Parker in for ConTempo and Mr. Feeley, this quintet is about exiles. Eight different experiences but all with an underlying love of the home country constantly emerging. Fans of John Feeley and ConTempo Quartet will not be disappointed with this chocolate box of a programme and newcomers will be pleasantly surprised and quickly smitten by this wonderful music from such charming and talented musicians.

The Galway Music Residency delivers a year round performance, education and community based programme of events which includes visits by the Galway Ensemble in Residence — ConTempo Quartet to local schools and universities, mini-residencies for guest artists from Ireland, Europe and other parts of the world, as well as monthly free concerts in the Town Hall Theatre, Galway on the first Tuesday of every month. For bookings, please call The programme of events is as follows:. The Theme to base your work on for this years exhibition is….. A moment in time …. We are pleased to invite you to submit work to this adjudicated exhibition which will take place in The Friary, Ballyhaunis between Oct 27th—Nov 5th.

If you know of anyone else who might be interested in submitting work, then please photocopy these Conditions of Entry along with the Entry Form for them. We look forward to seeing you on the handing in day Saturday Oct 13th pm. Best of luck to everyone from all the committee of Ballyhaunis Artists Group. Moira Stratford moirastratford gmail. The opening of the exhibition will take place on Sat 27th Oct at 2p. All interested are invited to attend - admission free. Claire Keegan was raised on a farm in Wicklow. Phil at Trinity College, Dublin.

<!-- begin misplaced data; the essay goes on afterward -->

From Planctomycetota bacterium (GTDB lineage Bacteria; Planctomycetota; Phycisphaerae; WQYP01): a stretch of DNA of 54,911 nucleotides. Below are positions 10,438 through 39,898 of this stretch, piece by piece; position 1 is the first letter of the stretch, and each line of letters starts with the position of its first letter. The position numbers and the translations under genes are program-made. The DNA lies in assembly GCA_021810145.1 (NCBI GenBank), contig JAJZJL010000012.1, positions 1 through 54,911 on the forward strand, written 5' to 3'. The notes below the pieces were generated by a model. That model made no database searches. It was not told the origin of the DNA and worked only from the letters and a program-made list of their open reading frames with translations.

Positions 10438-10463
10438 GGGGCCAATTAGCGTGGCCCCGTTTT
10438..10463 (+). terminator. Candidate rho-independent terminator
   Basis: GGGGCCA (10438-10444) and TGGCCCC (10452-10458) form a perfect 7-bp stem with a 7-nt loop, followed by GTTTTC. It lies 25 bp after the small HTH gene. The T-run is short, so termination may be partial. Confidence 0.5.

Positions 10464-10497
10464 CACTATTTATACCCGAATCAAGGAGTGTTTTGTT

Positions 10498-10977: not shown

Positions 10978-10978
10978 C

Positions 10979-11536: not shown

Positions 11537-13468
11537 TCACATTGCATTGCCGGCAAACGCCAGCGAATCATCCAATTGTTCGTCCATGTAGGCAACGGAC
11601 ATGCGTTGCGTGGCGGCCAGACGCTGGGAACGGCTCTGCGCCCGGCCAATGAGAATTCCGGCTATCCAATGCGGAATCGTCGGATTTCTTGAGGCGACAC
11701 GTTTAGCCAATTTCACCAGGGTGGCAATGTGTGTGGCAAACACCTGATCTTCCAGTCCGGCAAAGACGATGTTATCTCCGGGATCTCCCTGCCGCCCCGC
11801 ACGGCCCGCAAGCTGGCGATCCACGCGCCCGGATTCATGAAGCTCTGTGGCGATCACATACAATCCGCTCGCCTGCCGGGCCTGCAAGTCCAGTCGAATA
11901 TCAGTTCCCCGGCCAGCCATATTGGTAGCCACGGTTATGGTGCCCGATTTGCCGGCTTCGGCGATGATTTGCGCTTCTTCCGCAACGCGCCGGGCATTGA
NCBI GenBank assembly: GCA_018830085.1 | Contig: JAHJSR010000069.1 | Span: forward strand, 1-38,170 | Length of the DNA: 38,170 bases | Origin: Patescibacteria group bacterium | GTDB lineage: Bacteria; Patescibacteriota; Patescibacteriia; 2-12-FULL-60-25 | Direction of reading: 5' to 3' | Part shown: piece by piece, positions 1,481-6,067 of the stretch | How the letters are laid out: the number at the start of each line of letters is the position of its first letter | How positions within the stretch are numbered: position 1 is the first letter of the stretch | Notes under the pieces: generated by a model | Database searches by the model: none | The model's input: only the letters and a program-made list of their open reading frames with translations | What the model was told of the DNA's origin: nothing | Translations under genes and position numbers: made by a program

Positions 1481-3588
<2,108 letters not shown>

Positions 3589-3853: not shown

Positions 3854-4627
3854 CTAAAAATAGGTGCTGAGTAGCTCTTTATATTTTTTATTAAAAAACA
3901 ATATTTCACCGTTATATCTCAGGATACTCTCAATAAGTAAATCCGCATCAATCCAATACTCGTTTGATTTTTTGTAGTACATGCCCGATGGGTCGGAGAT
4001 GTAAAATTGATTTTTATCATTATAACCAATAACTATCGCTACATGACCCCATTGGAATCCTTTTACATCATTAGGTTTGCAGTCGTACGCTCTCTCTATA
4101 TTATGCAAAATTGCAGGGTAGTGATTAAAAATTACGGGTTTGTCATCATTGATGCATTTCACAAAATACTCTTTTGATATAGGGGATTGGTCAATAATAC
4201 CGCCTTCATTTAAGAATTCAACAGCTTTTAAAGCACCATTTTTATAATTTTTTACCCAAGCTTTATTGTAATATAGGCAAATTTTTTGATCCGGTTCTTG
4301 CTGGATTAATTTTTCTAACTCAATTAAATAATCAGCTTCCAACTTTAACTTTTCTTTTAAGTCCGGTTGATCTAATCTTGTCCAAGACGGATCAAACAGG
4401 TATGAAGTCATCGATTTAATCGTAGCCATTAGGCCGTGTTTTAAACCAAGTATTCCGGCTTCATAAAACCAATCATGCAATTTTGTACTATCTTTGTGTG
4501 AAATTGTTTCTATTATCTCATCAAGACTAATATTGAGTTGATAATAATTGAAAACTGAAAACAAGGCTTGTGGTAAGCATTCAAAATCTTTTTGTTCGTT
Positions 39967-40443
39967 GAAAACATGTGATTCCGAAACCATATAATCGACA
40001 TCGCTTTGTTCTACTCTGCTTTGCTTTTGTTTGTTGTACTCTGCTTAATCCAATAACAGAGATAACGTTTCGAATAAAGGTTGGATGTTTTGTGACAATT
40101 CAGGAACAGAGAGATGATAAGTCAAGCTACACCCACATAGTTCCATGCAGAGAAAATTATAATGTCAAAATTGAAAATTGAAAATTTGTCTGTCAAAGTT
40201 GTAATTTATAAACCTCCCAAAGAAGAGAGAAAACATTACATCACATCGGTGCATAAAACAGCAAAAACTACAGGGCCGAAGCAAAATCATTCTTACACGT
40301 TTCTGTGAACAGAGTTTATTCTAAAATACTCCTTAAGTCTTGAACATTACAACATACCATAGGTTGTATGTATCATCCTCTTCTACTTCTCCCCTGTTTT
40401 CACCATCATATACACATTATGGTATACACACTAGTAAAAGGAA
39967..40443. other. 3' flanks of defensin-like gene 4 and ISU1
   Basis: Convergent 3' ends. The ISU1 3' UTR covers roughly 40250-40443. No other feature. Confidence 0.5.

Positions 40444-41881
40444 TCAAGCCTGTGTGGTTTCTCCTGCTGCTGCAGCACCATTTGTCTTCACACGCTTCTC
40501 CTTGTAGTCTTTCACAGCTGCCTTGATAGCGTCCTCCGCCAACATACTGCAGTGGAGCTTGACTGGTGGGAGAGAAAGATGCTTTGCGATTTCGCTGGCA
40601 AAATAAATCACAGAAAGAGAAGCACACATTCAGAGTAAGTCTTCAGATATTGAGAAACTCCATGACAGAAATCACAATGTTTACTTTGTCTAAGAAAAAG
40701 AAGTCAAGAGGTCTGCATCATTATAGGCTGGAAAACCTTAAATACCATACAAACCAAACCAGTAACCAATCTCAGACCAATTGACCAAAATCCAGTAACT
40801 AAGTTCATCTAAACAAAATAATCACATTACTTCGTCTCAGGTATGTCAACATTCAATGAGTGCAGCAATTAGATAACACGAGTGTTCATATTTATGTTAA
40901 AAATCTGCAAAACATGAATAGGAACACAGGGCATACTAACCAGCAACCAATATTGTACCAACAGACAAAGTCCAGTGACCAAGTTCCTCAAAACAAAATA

Her second, Walk the Blue Fields, was published last May. She was also a Wingate Scholar. She lives in Wexford. The Linenhall Arts Centre, Castlebar programmes high-quality arts workshops for all the community across a range of art forms. Closing Date for receipt of applications Friday 28th September. Candidates should be available for interview on Oct 3rd, World Actors Forum seeks Project Manager.

For more details and how to apply, please visit: Tulca Internship Opportunities. In order to fulfill the curatorial vision, Tulca requires the following interns:. The Assistant to the Tulca Administrator will work on volunteer co-ordination, venue management, artist liaison and general administration. The successful candidate is required to be confident working as part of a team and have a keen interest in contemporary visual practice. The intern will be required to liaise with sponsors, artists and festival partners. The intern will be directed but will also be required to contribute to the campaign.

The successful candidate will be confident in communication and have a keen interest in contemporary art practice. The successful candidate will have an interest in working with young people and be confident in mediating art works and working as part of a team to deliver a coherent programme. The intern will be required to work towards creating a programme that is in line with the overall curatorial vision.

They shall also be required to publicise and administer the programme. The successful candidate will have some knowledge of project management and have an interest in public art in a rural context. This intern will work closely with one of the Tulca artists on the fulfillment of a public art project as part of the Galway County public art program. The intern must be interested in logistical planning and project management as well as contemporary art practice.